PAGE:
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Janet Yellen visits the Triangle to tout clean energy economy

U.S. Treasury Secretary Janet Yellen visited the triangle Tuesday to talk about the economic benefits of federal clean energy investments and tour renewable sites in Durham and Chapel Hill.

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Liz McLaughlin
, WRAL Climate Change Reporter

U.S. Treasury Secretary Janet Yellen visited the triangle Tuesday to talk about the economic benefits of federal clean energy investments.

Yellen called the Biden administration’s plan the most aggressive action that the U.S. has ever taken to address the climate crisis, securing more than $430 billion between the Inflation Reduction Act and Bipartisan Infrastructure Bill. Supporters of that legislation were in attendance, including Democratic representatives Deborah Ross and David Price.

“These investments will accelerate the transition to our green energy future and lower energy costs for American households and businesses,” Yellen said in a speech at a solar field in Chapel Hill, adding that modernizing energy infrastructure would make supply more resilient against global price shocks, exacerbated and more frequent due to an increase in extreme weather events caused by climate change.

There were nine billion-dollar disasters in the first six months of 2022. The costs incurred from disasters over the past five years is more than $788 billion, which exceeds more than a third of the disaster costs of the past 43 years, according to a report from the NOAA National Centers for Environmental Information.

As another hurricane barrels towards North Carolina, Yellen referenced the devastating toll of Hurricane Florence, including 22 deaths, $24 billion in damage, and power outages for 1 million North Carolinians.

“Climate change poses a grave risk to the productive capacity of our economy while also impacting its stability,” Yellen said. “To tackle these risks, we need to accelerate our transition to a clean energy economy.”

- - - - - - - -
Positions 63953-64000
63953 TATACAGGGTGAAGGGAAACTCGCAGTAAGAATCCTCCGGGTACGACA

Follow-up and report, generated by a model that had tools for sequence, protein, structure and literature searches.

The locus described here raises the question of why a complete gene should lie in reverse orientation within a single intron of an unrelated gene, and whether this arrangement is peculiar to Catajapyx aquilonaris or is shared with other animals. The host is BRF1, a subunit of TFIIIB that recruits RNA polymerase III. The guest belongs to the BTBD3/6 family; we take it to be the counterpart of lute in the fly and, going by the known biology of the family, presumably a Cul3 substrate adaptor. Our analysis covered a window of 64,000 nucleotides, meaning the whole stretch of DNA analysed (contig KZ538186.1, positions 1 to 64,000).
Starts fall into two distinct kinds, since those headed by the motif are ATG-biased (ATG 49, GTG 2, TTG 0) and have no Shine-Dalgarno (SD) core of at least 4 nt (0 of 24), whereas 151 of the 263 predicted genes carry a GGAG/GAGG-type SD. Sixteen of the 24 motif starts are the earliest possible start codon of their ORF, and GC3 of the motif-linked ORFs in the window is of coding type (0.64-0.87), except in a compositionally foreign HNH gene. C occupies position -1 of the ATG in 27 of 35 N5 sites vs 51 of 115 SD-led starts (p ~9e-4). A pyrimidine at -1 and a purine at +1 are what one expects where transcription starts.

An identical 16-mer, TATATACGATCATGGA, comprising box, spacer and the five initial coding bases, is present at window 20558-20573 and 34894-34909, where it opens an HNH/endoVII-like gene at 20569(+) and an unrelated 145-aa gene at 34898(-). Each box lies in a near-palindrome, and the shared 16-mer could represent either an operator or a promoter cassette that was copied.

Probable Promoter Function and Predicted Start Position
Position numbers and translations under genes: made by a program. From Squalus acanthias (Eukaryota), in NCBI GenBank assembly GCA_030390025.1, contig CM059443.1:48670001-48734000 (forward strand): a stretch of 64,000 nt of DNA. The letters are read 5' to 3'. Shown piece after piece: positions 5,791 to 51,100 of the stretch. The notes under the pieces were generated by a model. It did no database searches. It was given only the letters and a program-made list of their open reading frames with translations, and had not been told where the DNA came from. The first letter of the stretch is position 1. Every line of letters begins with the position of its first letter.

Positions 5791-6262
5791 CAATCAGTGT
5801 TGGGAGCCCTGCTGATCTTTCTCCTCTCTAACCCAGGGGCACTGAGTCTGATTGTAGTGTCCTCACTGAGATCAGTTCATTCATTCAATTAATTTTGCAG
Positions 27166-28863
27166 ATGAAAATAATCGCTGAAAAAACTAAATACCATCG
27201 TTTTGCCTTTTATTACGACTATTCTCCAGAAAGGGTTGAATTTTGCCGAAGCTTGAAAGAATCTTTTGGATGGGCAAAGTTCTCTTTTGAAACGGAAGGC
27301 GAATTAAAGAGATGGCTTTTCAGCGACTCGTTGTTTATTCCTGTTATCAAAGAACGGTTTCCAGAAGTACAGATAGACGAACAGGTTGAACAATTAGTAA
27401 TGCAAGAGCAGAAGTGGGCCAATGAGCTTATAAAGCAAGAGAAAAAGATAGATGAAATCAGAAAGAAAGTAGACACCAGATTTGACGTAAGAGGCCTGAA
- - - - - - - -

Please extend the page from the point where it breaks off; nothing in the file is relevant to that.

U.S. Treasury Secretary Janet Yellen speaks to a crowd in Chapel Hill about clean energy investments

Before her speech, Yellen toured the Cypress Creek Renewables control center in Durham. The utility-scale clean energy company develops and operates solar and battery storage across 17 states, including 245 solar sites in North Carolina.

CEO Sarah Slusser says the federal investment and manufacturing incentives over the next decade will spur growth in the private sector, translating to more jobs in North Carolina. “The number of jobs across the country will more than double because of this Inflation Reduction Act and the innovation will help to keep the cost of delivery for electricity low, putting money in the pocket of every citizen in the country,” she said.

The state GOP spoke out against her visit and Biden's economic policies, citing inflation. "How ironic for Janet Yellen to come to North Carolina to talk about the problems she and the rest of the Biden administration created," RNC spokesperson Taylor Mazock said.

Yellen ended out her trip with a roundtable in Durham, to meet with local organizations that received support from the American Rescue Plan during the COVID-19 pandemic.

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Liz McLaughlin, Reporter
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